Thursday, February 19, 2015

A Tangled Mess

Respecting the holographic nature of the universe, I am taking a moment to go back and unravel the week before my trip. Now that the mysteries of Jenny's Brain have been revealed, the metaphor comes clear.

Because international travel is so, um, foreign to me, I was doing some serious worrying before I left. Packing and travel are huge challenges for me, partly from the ADD and partly from wanting to always have the right thing to wear but not knowing where I was going.  Plus, steel-trap mind like mine, I had to think through everything that might go wrong.

I remembered observing, as a child, that the worst you imagined would never ever was always something different. So I ran the scenarios. What if my family got sick, what would I do? What if the plane crashed? What if my luggage got lost? Running different scenarios both assured me these things wouldn't happen and helped me prepare.

But when Jenny couldn't make it down for our final Homeroom lunch because she had a cold, I had a bad feeling. Like maybe this whole thing wasn't real. Or that it was too good to be true. I went through all my dark feelings, which I've learned are normal before I travel (even to Disneyland). We've been friends a long time, and sometimes our plans come together, sometimes they don't.

So when the question came up: should I cancel the trip or go alone, I was somewhat prepared by my anxiety, but I still had to face my greatest fear: making the wrong choice.

The thing that was going on in Jenny's Brain is called an AVM: Arteriovenus Malformation. See, normal arteries go into capillaries, and cappillaries go into veins. But with an AVM, the arteries go directly into veins, and blood goes too fast. Trying to fix the problem, the body creates new veins to bypass the problem, and one ends up with a tangled mess. In this high-pressure situation, a vessel can burst and cause bleeding. There was a pool of blood in her brain the size of a walnut.

I felt as if my own brain would explode from the pressure of the situation. This is exactly what I had worried about. Had it been a premonition? Or did secretly want this to happen and the Universe knew it? I went through every feeling, twice, three times, and then slept on it. I dreamt of leaky pipes, missed planes, big family events.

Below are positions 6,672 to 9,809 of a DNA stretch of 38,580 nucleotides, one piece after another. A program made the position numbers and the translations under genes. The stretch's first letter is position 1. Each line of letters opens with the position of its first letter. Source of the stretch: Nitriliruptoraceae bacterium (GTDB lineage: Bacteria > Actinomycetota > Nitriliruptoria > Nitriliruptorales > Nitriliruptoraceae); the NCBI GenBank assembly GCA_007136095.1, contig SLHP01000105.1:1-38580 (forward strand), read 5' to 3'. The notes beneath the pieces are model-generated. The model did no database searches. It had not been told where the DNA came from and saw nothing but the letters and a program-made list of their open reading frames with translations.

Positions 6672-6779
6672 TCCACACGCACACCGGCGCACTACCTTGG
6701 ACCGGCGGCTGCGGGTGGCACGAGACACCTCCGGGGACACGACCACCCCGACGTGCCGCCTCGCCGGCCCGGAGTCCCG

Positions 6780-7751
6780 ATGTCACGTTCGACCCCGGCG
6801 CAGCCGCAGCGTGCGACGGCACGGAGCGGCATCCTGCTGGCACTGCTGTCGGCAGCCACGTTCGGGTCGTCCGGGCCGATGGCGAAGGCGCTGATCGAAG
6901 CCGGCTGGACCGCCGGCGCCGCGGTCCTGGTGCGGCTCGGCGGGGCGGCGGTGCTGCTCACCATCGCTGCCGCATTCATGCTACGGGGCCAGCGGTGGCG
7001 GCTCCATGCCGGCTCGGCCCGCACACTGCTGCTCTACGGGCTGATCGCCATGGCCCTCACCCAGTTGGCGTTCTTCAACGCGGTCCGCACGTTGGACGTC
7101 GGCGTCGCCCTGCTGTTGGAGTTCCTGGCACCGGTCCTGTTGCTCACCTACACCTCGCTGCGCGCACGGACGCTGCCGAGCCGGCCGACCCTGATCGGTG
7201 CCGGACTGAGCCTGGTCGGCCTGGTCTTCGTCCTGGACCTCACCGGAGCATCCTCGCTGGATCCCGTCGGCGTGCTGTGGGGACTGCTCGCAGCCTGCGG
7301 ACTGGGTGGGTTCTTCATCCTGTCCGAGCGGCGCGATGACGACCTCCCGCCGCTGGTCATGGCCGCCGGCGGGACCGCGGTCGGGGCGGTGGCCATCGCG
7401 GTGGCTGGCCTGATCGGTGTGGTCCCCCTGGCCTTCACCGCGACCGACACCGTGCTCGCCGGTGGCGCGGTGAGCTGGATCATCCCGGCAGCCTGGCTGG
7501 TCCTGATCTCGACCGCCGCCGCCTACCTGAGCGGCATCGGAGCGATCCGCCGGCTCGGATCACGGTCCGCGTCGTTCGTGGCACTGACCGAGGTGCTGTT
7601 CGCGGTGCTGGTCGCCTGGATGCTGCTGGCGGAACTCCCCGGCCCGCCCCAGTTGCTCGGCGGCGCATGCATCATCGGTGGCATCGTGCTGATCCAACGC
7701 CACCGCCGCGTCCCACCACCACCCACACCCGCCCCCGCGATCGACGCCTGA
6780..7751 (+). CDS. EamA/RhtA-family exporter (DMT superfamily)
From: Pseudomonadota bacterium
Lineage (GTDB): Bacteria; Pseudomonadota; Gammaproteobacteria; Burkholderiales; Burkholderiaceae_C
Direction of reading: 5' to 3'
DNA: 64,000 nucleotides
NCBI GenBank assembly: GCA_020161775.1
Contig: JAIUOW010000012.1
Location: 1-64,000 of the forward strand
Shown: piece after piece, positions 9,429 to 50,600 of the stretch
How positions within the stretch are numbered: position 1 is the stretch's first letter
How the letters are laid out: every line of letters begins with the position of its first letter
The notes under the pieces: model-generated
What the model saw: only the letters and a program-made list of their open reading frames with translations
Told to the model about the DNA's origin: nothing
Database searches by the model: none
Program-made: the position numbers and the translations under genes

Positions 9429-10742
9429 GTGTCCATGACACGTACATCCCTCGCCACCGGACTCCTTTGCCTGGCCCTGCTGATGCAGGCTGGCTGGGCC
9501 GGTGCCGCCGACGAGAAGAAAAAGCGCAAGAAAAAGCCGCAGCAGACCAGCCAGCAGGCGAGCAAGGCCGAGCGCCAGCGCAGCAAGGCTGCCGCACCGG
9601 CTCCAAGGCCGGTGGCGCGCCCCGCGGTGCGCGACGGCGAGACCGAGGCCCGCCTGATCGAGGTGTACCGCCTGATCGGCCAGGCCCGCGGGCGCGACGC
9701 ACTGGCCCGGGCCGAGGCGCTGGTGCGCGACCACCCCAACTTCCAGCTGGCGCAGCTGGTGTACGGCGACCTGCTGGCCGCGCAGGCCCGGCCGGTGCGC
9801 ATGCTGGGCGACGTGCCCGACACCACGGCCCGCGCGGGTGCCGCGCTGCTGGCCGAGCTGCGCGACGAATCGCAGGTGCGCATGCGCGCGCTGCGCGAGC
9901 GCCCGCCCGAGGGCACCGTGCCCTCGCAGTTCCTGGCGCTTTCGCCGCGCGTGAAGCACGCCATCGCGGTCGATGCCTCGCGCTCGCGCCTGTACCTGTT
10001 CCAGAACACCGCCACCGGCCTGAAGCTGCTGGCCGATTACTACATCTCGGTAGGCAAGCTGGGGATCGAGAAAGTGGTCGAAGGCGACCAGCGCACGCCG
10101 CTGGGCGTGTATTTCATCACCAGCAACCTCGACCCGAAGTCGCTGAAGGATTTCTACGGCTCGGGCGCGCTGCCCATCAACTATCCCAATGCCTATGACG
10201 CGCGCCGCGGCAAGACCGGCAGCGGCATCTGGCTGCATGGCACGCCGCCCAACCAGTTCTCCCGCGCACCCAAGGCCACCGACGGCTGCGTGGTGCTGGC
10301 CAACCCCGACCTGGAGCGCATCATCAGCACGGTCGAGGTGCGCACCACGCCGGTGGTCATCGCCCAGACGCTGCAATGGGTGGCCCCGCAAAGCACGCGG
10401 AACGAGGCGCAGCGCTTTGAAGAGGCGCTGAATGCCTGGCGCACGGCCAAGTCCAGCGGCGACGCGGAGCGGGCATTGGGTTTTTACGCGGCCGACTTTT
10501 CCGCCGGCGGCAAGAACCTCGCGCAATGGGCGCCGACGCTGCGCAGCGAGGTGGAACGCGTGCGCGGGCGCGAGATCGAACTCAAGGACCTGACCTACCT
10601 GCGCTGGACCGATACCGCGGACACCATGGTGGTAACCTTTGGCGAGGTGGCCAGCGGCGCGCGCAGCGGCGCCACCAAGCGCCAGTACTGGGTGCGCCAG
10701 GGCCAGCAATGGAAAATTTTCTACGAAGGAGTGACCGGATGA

We had insurance and could cancel the trip, but what would become of my Nth birthday fantasy? The decision was agonizing. On Monday, our day of leaving, I realized I could decide not to decide until I had enough information. On Tuesday, the voices inside and outside my head were clear: I had to be as brave as Jenny. I had to figure out a way to do this.

The beautiful places we had chosen no longer held any allure for me. To see Assisi and Florence alone would be a lonely trip. I would just go visit Alexa. Which has been the main reason to go for over ten years. When I told Jenny I would now be flying out of Venice during Carnavale, she insisted I should go, since I knew someone who would be there, who could invite me to a ball. Even that idea intimidated me; I do adore costume parties but I hardly know this gal. "You have to go," she said. "For both of us. I'll pay for the ticket."

I often feel as if my own life, like her tangle of veins, sometimes has so much powerful energy surging through it that I miss the nourishment. This was certainly one of those moments. Jenny's blessing filled my heart so powerfully I thought I might burst with love. Like a volcano.

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